Come... unto Me

“Come unto me, all ye that labour and are heavy laden and I will give you rest.” (Matt. 11:28)

This is one of the most well known, and to many favourite, verses in the New Testament; this invitation from the Lord Jesus Christ to ‘come unto Him.”  Not only is the verse important and interesting for its own sake, but for where its stands in the Gospel of Matthew.

The background is that John the Baptist had been cast into prison, which because of his understanding of the Old Testament Scriptures he could not understand, for the Messiah was supposed to bring about the delivery of the captives (Isaiah 61:1), yet here he was languishing in prison as a prelude to his execution  So he sends a message to Christ seeking confirmation that he was indeed the promised Messiah.  

And lest the hearers should imagine that John was wilting under the pressure (he was in fact perhaps being impatient), the Lord publicly commends him as not a reed shaken in the wind, nor a man dressed in soft clothing but that he was a prophet.  But, says the Lord, he was more than a prophet, for he was the one who had been promised: “Behold, I send my messenger before thy face, which shall prepare thy way before thee” (Matt. 11:10; Malachi 3:1)  Not only so but he was the one who pointed out Christ as the “Lamb of God, who would bear away the sin of the world” (John 1:29).  And lest there should be any doubt about John the Lord tells us that “of them that are born of women there hath not risen a greater than John the Baptist” (v.11).

The Lord then goes on to consider the generation that was about to behead the LORD’S Messenger and Crucify God’s Son: they were like children in the market place where nothing satisfied them, neither John nor Christ.

There then follows some of the severest words that ever left the lips of Christ; the warning of judgements that would overtake the cities of Chorazin, Bethsaida and Capernaum because of their unbelief and rejection of Himself.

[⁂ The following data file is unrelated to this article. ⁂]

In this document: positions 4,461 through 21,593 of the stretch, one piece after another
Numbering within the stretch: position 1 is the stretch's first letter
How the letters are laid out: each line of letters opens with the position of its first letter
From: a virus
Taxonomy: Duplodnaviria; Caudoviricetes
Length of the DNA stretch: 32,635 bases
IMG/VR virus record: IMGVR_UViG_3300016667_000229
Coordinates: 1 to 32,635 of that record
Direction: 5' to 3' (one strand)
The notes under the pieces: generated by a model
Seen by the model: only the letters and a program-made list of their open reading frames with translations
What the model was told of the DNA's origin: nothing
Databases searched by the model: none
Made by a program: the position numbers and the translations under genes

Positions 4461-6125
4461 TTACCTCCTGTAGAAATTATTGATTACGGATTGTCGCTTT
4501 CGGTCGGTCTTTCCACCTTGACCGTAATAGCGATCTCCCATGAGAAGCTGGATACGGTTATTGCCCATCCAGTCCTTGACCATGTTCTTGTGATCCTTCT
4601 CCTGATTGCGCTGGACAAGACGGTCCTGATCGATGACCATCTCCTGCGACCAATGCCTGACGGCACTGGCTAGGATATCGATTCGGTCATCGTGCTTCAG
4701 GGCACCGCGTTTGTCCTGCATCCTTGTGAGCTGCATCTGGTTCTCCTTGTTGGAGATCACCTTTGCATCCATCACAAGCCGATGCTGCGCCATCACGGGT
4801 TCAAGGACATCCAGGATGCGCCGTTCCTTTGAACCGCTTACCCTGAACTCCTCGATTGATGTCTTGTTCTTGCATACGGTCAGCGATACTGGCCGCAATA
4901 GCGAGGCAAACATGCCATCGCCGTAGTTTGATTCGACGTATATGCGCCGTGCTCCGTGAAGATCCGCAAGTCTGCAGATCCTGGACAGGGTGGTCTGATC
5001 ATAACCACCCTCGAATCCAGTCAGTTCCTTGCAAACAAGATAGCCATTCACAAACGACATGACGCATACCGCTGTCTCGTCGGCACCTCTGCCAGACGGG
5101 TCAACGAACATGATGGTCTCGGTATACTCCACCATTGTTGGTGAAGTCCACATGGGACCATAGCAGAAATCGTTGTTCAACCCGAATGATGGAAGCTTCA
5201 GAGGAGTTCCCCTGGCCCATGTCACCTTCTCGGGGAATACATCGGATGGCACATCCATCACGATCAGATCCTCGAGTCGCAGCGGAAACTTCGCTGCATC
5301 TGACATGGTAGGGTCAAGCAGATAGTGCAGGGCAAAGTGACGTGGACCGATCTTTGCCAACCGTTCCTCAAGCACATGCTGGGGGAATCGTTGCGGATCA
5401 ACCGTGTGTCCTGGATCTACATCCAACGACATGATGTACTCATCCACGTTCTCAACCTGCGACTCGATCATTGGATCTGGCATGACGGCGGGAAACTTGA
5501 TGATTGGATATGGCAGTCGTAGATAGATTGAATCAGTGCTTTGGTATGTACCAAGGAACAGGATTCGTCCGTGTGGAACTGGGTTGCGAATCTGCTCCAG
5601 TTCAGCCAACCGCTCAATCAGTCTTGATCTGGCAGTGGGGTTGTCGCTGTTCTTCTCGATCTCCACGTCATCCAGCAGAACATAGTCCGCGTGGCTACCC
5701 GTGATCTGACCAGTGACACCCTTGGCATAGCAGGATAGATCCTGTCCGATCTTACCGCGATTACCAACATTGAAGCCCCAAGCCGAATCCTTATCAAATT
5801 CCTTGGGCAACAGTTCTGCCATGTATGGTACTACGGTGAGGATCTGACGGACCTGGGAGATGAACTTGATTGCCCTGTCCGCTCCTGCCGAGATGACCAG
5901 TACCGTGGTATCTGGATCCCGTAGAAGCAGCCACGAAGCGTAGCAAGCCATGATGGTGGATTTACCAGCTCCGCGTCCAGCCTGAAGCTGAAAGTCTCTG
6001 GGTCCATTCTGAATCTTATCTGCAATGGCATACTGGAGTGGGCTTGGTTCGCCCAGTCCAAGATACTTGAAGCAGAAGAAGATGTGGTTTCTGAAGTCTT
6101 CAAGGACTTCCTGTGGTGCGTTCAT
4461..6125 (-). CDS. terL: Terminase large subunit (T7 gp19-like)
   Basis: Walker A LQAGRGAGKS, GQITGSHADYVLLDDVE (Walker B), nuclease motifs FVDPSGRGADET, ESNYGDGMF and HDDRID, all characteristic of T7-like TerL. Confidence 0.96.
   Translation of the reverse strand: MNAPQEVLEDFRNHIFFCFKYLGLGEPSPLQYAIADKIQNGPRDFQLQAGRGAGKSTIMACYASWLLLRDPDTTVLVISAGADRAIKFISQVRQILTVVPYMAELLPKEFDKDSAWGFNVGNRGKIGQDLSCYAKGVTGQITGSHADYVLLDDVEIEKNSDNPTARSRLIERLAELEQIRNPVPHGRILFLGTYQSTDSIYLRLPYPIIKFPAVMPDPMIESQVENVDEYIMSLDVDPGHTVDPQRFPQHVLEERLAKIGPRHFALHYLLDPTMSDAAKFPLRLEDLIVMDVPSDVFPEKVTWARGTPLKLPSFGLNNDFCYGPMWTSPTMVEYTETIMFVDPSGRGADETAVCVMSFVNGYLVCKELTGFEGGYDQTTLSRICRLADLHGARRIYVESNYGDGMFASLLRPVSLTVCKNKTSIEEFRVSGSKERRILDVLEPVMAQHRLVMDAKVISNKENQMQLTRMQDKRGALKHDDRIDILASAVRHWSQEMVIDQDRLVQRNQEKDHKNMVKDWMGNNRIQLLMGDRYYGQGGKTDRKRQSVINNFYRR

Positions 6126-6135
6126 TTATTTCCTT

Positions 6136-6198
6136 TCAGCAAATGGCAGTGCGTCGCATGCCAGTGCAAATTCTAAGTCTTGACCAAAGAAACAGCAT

How it must have gladdened the heart of our Saviour to know that while the true things concerning himself were hidden from the ‘wise and prudent,’ that is from those who are wise in their own hearts and possess natural intelligence, the religious leaders of the day; the truth as to who he was and is was understood by those who would be considered babes.

So who is This One who came to take away the sin of the world?  Matthew goes on to quote the words of the Lord Jesus Himself, where He makes three remarkable claims. 

1.  “All things are delivered unto me of my Father.”  To Him has been committed all judgement, He has been exalted above all principality and power, and in Him all the fulness of God is pleased to dwell.

2.  “No man knoweth the Son but the Father” indicating that there are mysteries about the person of the Lord Jesus Christ that are beyond the understanding of human minds.  He is only fully known by God himself.

3.  “Neither knoweth any man the Father , save the Son. and he to whomsoever the Son will reveal Him,” that is to say that all knowledge of God can only be found through the person of Christ.  As he Himself said: “ I am the way the truth, and the life: no man cometh unto the Father but by me” (John 14:6).

Let us ponder these words for one moment: for the Lord Jesus is claiming supreme authority, that his person is unfathomable, and that he and he alone can bring men and women to God his Father.  Had these claims been made by an ordinary man they would have been blasphemous, but they were not made by an ordinary man, but by the incarnate Son of God.

It is the same one who today offers rest to those who “Come unto Him.”  And let us note carefully that it is not an invitation to a religion but to a person.   It is He and He alone who can give us rest and assurance of the forgiveness of our sins, and in taking His yoke upon us find constant rest for our souls.

                  ‘Come unto Me, ye weary,

                  And I will give you rest’ —

                  Oh blessed voice of Jesus,

                  Which comes to hearts opprest!

                  It tells of benediction;

                  Of pardon, grace, and peace;

                  Of joy that hath no ending;

                  Of love which cannot cease.


© Douglas Carr 2021